- “Support permitting reform.” According to Baker, it is “simply too time-consuming and burdensome to get projects done. Whether the projects are new renewable energy installations, major rail terminals, or sometimes even relatively simple track upgrades, a disjointed permitting process is a major hindrance.”
- “Support advancing new regulations only if they are laser-focused on safety problems that warrant further action.” Baker pointed out that “[l]egislative and regulatory responses to an accident or incident should be responsive to the event, relevant to safety, and provide reasonable and realistic requirements for small businesses to implement. Legislators should take care to consider that all the facts are in hand, including the results of National Transportation Safety Board (NTSB) investigations.”
- “Support the Short Line Safety Institute (SLSI).”
“We urge Congress to wield their pen with precision in order to avoid unintended consequences to the supply chain,” Baker concluded.
“Railroads have made progress and recovered from the worst of the crisis,” Jahn reported in written testimony to the Subcommittee (above). “But rail service problems continue to disrupt supply chains and inflate prices for consumers. These problems will not fix themselves. Policymakers need to adopt reforms that incentivize railroads to make their networks more resilient and help prevent a future supply chain crisis.”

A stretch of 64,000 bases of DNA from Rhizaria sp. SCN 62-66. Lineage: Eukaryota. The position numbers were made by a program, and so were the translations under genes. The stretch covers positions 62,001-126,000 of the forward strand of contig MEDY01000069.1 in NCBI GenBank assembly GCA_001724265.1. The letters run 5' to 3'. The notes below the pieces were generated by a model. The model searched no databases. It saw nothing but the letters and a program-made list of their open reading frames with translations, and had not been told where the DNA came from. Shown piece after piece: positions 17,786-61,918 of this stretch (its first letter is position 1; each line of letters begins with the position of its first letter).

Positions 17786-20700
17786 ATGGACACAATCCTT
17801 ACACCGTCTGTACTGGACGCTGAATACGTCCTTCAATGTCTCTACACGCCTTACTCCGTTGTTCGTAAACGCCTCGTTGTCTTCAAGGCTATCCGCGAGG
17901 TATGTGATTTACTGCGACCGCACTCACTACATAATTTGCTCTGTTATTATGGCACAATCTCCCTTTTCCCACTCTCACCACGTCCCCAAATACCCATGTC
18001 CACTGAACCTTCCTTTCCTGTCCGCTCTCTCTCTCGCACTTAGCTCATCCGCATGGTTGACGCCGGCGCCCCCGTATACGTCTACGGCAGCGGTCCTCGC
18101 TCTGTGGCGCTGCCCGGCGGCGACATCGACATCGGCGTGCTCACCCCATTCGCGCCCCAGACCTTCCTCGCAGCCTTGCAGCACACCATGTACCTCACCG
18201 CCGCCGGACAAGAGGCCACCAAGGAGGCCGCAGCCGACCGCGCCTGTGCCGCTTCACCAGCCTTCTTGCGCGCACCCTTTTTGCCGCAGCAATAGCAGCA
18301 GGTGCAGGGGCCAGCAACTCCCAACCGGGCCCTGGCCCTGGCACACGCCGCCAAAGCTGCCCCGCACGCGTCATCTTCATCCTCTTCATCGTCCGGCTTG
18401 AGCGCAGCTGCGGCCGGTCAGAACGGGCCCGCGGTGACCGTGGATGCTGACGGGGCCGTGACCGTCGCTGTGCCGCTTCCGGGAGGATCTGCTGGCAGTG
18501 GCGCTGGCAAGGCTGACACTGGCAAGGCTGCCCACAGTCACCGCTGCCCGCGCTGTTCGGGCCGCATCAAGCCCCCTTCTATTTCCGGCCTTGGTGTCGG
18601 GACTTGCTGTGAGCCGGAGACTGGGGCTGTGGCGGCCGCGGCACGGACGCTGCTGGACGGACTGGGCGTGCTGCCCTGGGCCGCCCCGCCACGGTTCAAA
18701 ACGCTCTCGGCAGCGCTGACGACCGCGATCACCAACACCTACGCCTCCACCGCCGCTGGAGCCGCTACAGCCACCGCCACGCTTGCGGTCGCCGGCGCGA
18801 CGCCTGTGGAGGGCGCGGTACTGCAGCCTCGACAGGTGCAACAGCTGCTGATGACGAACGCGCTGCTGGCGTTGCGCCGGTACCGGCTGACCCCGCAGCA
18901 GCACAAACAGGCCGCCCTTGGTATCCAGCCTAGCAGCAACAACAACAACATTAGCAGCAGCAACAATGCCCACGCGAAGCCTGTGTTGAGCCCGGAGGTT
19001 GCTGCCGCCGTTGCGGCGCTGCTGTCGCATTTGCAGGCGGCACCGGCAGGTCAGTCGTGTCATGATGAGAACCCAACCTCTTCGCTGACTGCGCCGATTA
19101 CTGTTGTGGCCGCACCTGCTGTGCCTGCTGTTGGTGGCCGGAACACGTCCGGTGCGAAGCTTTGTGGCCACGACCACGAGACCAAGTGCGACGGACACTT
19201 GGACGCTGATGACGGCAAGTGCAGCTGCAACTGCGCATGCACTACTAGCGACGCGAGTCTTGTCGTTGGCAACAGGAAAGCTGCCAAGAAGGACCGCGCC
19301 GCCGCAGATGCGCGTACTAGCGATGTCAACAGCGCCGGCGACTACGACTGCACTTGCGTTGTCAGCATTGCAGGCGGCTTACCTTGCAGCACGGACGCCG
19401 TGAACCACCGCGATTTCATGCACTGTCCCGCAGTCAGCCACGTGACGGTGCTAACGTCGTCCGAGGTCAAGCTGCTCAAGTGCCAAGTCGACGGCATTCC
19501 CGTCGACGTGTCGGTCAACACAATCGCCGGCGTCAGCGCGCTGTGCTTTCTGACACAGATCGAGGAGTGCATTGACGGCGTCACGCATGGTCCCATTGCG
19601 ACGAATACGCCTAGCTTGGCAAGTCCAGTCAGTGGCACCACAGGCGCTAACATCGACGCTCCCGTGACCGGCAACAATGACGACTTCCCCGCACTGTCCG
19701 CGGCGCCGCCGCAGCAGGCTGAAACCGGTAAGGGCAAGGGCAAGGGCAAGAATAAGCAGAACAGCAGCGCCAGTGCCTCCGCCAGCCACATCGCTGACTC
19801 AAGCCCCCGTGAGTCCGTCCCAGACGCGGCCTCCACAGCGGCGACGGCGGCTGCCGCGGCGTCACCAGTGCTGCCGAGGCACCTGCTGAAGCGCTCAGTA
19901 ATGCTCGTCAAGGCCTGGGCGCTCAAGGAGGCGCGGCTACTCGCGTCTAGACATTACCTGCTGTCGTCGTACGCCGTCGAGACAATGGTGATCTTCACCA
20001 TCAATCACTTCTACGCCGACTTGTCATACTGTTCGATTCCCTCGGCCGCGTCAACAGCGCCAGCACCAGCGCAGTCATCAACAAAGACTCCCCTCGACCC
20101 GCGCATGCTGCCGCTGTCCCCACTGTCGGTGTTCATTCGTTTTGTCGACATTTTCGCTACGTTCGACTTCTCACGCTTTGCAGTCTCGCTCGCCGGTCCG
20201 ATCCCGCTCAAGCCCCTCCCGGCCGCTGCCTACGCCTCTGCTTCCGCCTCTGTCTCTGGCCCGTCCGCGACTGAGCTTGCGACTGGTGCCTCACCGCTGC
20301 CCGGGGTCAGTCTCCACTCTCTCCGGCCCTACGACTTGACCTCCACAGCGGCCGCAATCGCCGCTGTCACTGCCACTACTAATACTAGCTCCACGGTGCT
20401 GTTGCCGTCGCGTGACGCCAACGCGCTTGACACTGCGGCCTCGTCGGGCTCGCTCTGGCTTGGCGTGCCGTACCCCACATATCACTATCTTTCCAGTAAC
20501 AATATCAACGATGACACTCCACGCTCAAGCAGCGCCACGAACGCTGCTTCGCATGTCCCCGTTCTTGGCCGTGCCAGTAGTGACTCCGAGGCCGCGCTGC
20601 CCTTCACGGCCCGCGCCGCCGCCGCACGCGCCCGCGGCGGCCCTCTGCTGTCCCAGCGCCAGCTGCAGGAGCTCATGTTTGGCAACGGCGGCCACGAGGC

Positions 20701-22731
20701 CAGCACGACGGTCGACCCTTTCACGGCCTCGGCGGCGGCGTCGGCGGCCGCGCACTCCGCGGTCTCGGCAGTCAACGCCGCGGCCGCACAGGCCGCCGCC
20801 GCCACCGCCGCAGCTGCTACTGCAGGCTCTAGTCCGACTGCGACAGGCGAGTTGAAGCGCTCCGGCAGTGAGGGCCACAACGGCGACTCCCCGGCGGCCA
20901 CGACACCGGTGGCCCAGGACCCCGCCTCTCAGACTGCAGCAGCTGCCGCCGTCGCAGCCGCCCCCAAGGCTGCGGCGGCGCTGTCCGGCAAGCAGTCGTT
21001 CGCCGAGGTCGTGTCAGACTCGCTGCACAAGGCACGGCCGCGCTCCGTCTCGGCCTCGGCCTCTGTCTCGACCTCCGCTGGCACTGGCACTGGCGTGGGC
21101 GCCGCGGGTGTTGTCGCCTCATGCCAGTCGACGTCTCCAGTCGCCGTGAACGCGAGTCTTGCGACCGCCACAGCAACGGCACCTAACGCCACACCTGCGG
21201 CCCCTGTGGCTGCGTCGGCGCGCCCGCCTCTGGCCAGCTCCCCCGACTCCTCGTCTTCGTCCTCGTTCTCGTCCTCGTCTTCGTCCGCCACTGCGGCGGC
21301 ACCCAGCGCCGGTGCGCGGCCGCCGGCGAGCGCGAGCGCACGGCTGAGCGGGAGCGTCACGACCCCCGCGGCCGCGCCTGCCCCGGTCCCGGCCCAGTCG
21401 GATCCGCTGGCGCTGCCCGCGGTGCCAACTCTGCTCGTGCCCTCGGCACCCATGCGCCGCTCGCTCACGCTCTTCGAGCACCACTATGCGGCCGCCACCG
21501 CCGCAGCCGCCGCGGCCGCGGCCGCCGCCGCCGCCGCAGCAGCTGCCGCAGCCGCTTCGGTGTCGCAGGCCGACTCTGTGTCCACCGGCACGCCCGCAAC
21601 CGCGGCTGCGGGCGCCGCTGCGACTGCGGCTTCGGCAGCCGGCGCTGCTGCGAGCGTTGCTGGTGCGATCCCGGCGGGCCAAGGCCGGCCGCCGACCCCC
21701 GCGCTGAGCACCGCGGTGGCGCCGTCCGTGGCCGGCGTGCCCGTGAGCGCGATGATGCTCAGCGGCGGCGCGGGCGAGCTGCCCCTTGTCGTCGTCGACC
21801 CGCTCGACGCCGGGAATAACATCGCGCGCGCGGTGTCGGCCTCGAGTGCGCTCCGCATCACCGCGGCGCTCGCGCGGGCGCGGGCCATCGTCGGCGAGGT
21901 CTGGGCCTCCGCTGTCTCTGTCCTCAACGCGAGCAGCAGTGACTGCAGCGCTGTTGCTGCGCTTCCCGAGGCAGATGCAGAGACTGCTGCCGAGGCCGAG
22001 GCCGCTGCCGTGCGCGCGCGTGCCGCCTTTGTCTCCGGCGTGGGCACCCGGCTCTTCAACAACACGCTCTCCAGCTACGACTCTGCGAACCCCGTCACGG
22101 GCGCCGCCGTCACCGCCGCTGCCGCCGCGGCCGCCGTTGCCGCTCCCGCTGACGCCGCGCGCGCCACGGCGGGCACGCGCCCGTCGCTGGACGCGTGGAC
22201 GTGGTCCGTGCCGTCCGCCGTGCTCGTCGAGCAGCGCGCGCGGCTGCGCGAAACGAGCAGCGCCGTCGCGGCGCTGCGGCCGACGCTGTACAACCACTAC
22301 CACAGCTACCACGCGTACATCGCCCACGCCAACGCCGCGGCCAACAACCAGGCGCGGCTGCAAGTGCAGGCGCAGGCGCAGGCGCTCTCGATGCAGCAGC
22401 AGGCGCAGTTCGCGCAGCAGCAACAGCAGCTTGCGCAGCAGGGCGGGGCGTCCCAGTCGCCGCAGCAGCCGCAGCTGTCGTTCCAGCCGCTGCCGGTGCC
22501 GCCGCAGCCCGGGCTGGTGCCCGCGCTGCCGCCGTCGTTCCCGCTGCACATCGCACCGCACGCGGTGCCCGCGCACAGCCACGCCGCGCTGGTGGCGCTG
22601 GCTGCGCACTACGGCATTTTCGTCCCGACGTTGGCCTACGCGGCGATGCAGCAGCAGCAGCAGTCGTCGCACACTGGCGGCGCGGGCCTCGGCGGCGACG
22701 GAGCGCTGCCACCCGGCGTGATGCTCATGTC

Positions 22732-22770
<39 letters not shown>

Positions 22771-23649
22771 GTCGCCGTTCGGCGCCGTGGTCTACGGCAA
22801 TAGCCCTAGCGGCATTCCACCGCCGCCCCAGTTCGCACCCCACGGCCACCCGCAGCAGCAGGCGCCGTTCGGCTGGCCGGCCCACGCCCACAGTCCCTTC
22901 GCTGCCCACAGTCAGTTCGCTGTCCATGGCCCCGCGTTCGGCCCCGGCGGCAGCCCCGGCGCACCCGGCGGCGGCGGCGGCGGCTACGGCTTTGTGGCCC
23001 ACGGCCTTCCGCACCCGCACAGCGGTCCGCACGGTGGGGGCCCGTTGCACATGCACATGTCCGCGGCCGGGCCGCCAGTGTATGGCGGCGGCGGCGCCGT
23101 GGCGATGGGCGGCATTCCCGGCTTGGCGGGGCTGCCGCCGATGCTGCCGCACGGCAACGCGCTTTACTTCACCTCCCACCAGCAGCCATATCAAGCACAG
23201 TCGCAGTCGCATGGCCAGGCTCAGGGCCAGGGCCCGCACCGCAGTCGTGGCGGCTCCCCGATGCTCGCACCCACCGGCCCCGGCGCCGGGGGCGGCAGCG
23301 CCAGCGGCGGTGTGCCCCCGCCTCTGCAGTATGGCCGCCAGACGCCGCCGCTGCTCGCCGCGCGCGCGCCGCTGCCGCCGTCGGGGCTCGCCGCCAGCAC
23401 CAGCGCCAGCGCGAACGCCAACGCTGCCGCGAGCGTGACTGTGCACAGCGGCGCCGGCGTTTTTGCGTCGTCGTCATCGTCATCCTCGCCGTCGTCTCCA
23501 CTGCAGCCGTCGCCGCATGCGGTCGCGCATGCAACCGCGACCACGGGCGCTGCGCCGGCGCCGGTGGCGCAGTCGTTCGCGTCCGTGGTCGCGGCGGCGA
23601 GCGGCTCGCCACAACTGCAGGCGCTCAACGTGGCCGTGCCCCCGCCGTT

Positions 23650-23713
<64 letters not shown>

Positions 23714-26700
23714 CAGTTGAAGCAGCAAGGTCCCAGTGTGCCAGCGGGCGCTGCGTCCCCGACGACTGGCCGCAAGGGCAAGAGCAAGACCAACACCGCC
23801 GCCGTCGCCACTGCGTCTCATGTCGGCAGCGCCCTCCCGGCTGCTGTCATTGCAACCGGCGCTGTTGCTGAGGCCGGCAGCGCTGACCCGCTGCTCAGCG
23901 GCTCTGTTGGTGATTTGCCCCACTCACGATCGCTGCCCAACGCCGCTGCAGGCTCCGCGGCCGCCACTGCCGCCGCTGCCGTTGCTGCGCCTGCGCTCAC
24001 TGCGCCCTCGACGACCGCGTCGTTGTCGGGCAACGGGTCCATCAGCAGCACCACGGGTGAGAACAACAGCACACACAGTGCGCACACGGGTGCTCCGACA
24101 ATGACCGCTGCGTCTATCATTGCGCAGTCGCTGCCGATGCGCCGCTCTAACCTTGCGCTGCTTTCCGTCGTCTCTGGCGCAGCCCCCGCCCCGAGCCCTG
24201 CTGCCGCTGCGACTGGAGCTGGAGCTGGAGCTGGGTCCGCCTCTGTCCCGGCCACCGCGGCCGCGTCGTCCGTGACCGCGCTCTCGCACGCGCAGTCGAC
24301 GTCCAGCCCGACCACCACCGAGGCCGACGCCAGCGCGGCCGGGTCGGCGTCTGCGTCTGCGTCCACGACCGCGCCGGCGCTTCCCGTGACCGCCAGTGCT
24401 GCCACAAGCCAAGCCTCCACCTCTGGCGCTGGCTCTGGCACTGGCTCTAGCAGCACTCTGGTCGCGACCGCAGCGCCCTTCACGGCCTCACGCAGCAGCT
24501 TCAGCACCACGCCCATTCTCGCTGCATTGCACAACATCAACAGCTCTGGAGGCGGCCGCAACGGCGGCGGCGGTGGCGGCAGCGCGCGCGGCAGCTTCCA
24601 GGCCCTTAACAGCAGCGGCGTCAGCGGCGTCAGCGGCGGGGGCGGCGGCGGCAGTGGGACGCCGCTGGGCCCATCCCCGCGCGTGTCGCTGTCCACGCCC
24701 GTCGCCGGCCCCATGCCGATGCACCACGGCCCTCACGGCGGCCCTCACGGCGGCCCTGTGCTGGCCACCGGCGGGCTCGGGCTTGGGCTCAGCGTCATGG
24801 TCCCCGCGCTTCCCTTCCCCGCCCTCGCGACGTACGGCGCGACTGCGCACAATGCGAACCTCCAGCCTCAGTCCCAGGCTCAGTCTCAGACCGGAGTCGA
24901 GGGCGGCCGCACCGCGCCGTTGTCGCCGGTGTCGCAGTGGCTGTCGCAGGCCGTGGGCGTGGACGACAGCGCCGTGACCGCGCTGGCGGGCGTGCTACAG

He pointed out that ACC “has conducted surveys of our member companies to better understand and detail the persistent challenges they face in moving freight in the U.S. by rail, truck, and water. The latest survey showed that while conditions improved in the second half of 2022, freight transportation challenges are far from resolved. Overall, nearly all companies (93%) say supply chain and freight transportation disruptions are impacting their U.S. manufacturing operations. Two-thirds noted improvements in the second half of 2022. However, 83% of companies report that despite this recent progress, conditions remain worse than they were prior to the pandemic. Unfortunately, chemical manufacturers report that they have not seen the same level of improvement for rail shipping as they have for truck and ocean shipping. In fact, 30% of companies said rail service problems were worse in the second half of 2022, and more than three quarters reported worse service than before the pandemic.”